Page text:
Video Games – A Child’s Friend or Foe?

Doom Having worked in the video game industry for many years, I’ve been exposed to a wide swath of individuals that brand video games as detrimental to children and claim these games promote violence.  I grew up with video games – from Pacman on the Atari 2600 through the PC revolution with Sierra games like King’s Quest and more hardcore fare such as Castle Wolfenstein and Doom – and shared these gaming experiences with my family and friends.  I generally tend to disregard the doomsday scenarios about video games and attribute them to the over-protective instincts of parents and orthodox religious groups.  After all, my brothers and friends and I all turned out to be relatively well-adjusted individuals with no criminal records, so obviously the fears are overblown.  A recent event in our apartment made me start questioning my beliefs and “I couldn’t help but wonder” (*wink to my wife), are video games a child’s friend or foe?

Sonic Free Rider My wife and I invited a friend and her two young boys over for breakfast (to protect the innocent, I’ll call her Ribbon and her two boys Abel and George).  With childhood exuberance, Abel discovered my stash of Xbox 360 games and naturally wanted to play.  We first started off playing Sonic Riders for Kinect, or, I should say, he started off by showing me how to play Sonic.  As a Kinect video game, there are no controllers required and the game involves the child pretending to skate through an imaginary world (harmless enough).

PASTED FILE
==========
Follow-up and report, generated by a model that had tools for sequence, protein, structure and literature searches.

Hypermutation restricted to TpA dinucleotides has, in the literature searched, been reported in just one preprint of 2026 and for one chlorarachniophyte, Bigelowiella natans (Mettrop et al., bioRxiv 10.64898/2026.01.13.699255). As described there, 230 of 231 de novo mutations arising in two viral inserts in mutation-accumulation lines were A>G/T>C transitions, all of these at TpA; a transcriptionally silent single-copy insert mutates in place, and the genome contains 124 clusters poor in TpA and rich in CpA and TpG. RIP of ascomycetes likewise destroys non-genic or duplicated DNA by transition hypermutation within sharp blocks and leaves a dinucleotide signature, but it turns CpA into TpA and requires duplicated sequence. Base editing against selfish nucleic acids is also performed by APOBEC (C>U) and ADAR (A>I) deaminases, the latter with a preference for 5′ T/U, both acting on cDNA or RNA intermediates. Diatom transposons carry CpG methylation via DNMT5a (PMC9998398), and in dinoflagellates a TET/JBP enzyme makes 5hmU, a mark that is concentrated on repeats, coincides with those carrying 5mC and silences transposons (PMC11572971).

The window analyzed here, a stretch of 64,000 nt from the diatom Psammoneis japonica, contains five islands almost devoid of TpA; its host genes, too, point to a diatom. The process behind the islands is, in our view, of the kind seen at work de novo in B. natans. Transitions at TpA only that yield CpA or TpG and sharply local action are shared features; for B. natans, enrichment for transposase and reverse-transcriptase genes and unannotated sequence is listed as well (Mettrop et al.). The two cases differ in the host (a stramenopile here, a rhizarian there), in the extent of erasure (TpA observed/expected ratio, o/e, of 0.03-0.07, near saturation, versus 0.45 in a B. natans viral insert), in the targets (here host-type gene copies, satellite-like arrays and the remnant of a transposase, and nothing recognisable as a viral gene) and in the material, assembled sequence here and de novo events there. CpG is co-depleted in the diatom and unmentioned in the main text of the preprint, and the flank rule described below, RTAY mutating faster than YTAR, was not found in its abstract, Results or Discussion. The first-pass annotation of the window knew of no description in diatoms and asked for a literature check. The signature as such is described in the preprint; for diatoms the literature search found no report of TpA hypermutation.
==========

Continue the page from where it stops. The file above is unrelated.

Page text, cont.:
children-reading-books-ny10x9 During breakfast, we had a philosophical discussion about video games and books, and their respective merits and limitations.  What many people may not realize is that video games teach kids crucial skills and lessons that cannot be learned from a book.  Books are great to learn vocabulary and grammar and to spur the imagination.  However, their greatest limitation is that they are completely linear and the reader cannot affect the outcome of the book (with the exception of those Choose-your-own-Adventure books I grew up with).

Video games, on the other hand, are completely dependant on the user’s actions because it impacts the narrative and the outcome of the game.  Kids can learn some very useful skills, such as collaboration, strategy, improvisation, logic, and deduction (depending on the type of game, of course).  Additionally, I’ve read about some studies that show that surgeons with video game experience excel beyond surgeons without this experience because of the improved hand-eye coordination, fine motor skills and reflexes developed through video gaming (I really need to start documenting things I read so that I can reference them appropriately).

lego-star-wars-the-gameAfter breakfast, Abel continued his search and uncovered Lego Star Wars: The Complete Saga.  Now Ribbon wanted to make sure that Abel wasn’t exposed to any violent or shooter type games
(such as Halo, Gears of War, Oblivion, and dozens of other games in my collection).  Lego Star Wars seemed harmless enough.  After all, it’s designed for this age group.  So I popped it into the Xbox and we got started.